Having made his directorial debut in music videos with Club Kuru’s Ribbons, the ethereal sequence demonstrates the Bristol-based director’s ability to draw from a musician’s themes and spin them into a highly imaginative realm of off-kilter angles, hazy shots and intimate portraits, submerged in sumptuously dreamy visuals. Yet in this surreal world, Dohrn maintains heart-swelling emotions that lend his ideas its universality.
Testament to the modern relevancy of the music video and the frontiers which have been injected into the format with new technology, you can only loosely call Lee Martin a music video director. According to his website, he “develop[s] websites for rock ‘n’ roll bands and get paid in sex and drugs.” What Martin does is experiential development – creating assets and online experiences that reflect the ideas of a track. Creating engaging, cutting-edge web experiences that allow fans to be a part of the story, his work signifies an interesting future for the music video in the viral age. Recently, he worked on a project for Marilyn Manson where he emailed 25,000 of his fans an email of their own home. The name of the track? WE KNOW WHERE YOU FUCKING LIVE.
Using new technologies and development opportunities to advance what we, as audiences, understand as a music video, Daito Manabe is a Tokyo-based “media artist, interaction designer, programmer, and DJ.” Manabe works both on digital projects and live installations for artists and institutions like Sonar, Björk, Nosaj Thing and Ryuichi Sakamoto. Developing immersive sensory experiences delivered through close collaboration with the artist his work uses HTML5 and other cutting-edge technological tools to create transcendent, richly imaginative visual products.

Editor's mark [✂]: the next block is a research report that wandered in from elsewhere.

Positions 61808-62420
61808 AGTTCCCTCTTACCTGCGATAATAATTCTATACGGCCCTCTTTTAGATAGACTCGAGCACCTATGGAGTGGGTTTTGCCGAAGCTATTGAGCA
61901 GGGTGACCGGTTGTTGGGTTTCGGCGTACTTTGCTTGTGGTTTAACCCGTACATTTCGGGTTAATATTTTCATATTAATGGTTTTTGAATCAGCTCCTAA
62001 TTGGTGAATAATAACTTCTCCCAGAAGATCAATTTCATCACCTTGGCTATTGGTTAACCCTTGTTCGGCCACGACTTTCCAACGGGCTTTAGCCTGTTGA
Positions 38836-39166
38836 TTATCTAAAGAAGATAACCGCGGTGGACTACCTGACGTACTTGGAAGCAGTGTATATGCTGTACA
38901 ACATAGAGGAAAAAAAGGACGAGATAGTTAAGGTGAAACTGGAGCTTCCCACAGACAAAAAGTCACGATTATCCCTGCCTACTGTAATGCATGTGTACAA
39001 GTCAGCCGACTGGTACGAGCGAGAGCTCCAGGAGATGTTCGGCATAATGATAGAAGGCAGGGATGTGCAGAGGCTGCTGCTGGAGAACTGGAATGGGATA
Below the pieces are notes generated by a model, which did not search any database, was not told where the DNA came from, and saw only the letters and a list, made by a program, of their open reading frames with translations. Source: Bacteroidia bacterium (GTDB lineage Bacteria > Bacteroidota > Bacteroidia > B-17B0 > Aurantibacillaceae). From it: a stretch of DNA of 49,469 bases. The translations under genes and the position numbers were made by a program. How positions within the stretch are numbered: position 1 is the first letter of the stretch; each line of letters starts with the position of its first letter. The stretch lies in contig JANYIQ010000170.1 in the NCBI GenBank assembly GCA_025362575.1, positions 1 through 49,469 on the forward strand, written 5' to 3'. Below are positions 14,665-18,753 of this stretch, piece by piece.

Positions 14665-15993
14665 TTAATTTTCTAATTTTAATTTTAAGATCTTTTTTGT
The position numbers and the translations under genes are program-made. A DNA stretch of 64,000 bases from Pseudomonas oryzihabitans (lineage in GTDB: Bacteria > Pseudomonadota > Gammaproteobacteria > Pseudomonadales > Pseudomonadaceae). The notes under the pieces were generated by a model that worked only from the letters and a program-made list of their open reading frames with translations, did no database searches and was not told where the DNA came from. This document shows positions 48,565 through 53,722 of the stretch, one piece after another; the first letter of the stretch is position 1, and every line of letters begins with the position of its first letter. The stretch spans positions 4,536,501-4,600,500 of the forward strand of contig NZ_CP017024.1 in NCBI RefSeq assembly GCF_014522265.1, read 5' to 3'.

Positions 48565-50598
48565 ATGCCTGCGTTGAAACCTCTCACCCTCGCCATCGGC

London-born Dexter Navy is one of the most exciting rising names in contemporary music video directing. With a handful of trippy, highly stylish videos for A$AP Rocky under his belt, he’s pinned down an intoxicating, loose aesthetic which incorporates both his videography and photography. Having launched his first solo photo exhibition at the age of 22, he’s a prodigious visual talent destined to create works which last.
Featuring highly in our round-up of the best music videos released in 2017, Oscar Hudson is a London director whose technical skill and imaginative directorial approach has given him an award-winning formula. Recently, he’s delivered Radiohead’s breathtakingly still video for Lift and Young Thug’s suitably disorientating and ornate video for Homie. In 2017 he took home the Best Director award at the UK Music Video Awards – recognition for his increasingly ambitious and equally enthralling works.
Glamour and sheen has long been a hallmark of iconic music videos. It’s a legacy which Sarah McColgan is continuing without compromising on originality or contemporary vision. Her profile rose considerably last year with the video for Charli XCX’s Boys which she co-directed with Charli herself. Videos for Miguel, David Guetta and Tinashe all exude a kind of high-fashion gloss but there’s a splash of weirdness across the board. Take the opening frame of her video for David Guetta and Afrojack’s Dirty Sexy Money where the track’s makers stare at the lens in unnerving latex baby masks. Moments of eccentricity smuggled into major label blockbusters.